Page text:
br Elsevier Inc All rights reserved br Corresponding author
ª 2019 Elsevier Inc. All rights reserved.
* Corresponding author. Division of Endocrine Surgery, Department of Surgery, University of Wisconsin School of Medicine and Public
Over the last 30 y, the incidence of thyroid cancer has increased faster than other malignancy.1-4 As a result, thyroid cancer is now the most commonly diagnosed cancer in women aged 20 to 34 y.5 Most patients undergo a total thy-roidectomy with or without a neck dissection and radioactive iodine ablation.6,7 These treatments lead to excellent long-term cancer outcomes for the vast majority of patients. As a result, the large pool of 800,000 thyroid cancer survivors continues to grow.8
Despite the effectiveness of treatment and excellent prognosis, thyroid cancer survivors have a reduced quality of life that is similar to or worse than those with more aggressive malignancies, such as breast or colon cancer.
As a consequence, research largely focuses on survivorship. However, similar to those with other cancers, patients with thyroid cancer are known to have significant unmet needs in the preoperative period.12,22-26 An international survey of over 2300 thyroid cancer survivors found that fewer than 10% received psychological support at the time of diagnosis and less than 40% were provided clear written disease- or treatment -related information.26 Nonetheless, little is known about patients’ specific needs and values before surgery.
We undertook this AZD7687 prospective study to better characterize the preoperative experience of patients with thyroid cancer. We used a qualitative approach to rigorously capture an in-depth understanding of what patients need and value in the preoperative period. Assessment of patients’ experiences in a prospective manner was critical to eliminating hindsight bias and reducing the effect of cognitive dissonance. By charac-terizing the experiences of patients’ with thyroid cancer, the results of this study will improve our ability to support these patients and likely those with other malignancies throughout their entire cancer treatment trajectory.
Materials and methods
Design and participant recruitment
We performed semistructured interviews with patients diag-nosed with papillary thyroid cancer who were enrolled in a single-blinded, randomized clinical trial (RCTdClinical Trial Registration Number NCT02138214; https://clinicaltrials.gov/ ct2/show/NCT02138214). The interviews were a planned component of the RCT study design and data collection. The trial randomized patients to receiving or not receiving a pro-phylactic central neck dissection and assessed operative outcomes and patient experiences. We consented patients in clinic after meeting with their surgeon. Patients were eligible to participate if they were 18 y of age or older and had at least one thyroid nodule that measured 1 cm with a cytologic or frozen section diagnosis of papillary thyroid cancer. Partici-pants with lymph node metastases discovered preoperatively or intraoperatively were excluded. The University of Wiscon-sineMadison Health Sciences Institutional Review Board approved this study.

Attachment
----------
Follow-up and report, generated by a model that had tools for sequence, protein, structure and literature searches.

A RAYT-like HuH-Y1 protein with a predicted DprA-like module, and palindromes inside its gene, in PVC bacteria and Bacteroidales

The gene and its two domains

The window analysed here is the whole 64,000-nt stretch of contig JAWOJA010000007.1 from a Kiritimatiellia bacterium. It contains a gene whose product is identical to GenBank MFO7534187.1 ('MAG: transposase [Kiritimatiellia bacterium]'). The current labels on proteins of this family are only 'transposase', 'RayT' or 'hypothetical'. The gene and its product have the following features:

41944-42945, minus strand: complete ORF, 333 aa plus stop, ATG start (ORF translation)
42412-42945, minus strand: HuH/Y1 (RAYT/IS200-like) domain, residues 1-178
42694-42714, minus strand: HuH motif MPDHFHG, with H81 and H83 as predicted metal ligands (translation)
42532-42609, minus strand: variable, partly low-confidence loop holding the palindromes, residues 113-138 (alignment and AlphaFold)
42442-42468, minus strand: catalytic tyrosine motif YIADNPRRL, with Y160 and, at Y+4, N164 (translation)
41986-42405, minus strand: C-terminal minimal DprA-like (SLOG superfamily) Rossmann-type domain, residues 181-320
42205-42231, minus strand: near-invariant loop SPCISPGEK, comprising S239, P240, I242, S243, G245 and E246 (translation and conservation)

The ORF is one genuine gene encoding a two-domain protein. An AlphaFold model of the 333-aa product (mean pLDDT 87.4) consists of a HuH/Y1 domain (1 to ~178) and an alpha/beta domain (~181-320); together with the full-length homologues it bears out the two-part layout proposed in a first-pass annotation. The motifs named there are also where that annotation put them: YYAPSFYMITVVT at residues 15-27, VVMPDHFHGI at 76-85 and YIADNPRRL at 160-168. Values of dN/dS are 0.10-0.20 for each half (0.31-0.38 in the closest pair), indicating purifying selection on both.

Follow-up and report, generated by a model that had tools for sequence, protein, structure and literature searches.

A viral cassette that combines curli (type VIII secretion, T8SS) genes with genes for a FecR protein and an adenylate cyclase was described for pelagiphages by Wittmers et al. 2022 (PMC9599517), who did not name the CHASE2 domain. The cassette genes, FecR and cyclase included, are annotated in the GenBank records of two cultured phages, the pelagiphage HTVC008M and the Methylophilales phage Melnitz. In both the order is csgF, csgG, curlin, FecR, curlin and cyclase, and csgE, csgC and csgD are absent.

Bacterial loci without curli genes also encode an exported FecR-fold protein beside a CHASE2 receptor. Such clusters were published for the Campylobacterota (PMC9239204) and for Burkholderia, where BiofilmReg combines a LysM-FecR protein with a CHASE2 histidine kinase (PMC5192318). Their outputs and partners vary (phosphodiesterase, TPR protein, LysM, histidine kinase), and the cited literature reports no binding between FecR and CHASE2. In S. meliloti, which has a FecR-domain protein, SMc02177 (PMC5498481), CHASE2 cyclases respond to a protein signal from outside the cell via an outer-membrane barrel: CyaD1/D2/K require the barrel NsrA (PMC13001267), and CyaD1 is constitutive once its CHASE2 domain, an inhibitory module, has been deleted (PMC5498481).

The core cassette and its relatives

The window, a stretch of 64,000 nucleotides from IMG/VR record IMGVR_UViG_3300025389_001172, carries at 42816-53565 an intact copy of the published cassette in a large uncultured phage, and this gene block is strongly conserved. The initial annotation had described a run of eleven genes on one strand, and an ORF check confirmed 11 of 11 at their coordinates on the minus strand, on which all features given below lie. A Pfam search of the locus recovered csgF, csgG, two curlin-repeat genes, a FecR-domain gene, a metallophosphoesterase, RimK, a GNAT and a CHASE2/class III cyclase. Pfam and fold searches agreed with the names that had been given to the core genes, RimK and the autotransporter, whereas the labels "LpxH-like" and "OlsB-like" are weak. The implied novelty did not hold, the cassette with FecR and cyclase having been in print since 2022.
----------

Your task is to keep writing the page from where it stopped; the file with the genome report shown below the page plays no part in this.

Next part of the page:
Data collection and analysis
Interviews occurred between May 2014 and April 2016 after patients consulted with the surgeon and consented for the trial, but before surgical intervention and randomization. On average, 17 d elapsed between the time of consent and the interview (range 0-67 d). In most cases, patients consented the same day as their consultation. Trained nonclinical research staff (n ¼ 9) interviewed all trial participants at a time and location convenient for the patient. Interviews lasted on average 1 h (range 45-120 min) and followed a piloted, semi-structured interview guide developed by the principal in-vestigators (R.S.S. and N.P.C.) in conjunction with a qualitative methodologist (C.L.M.). Interviews aimed to understand the preoperative experiences of patients with thyroid cancer. Questions probed about (1) the patient’s diagnosis, (2) their experience with their surgeon, (3) advice they would give to the surgeon after the initial consultation, (4) advice they would give to a newly diagnosed patient, and (5) the effec-tiveness of communication with their care team. At the conclusion of each interview, participants completed a brief demographic survey and received $20. All interviews were transcribed verbatim and deidentified.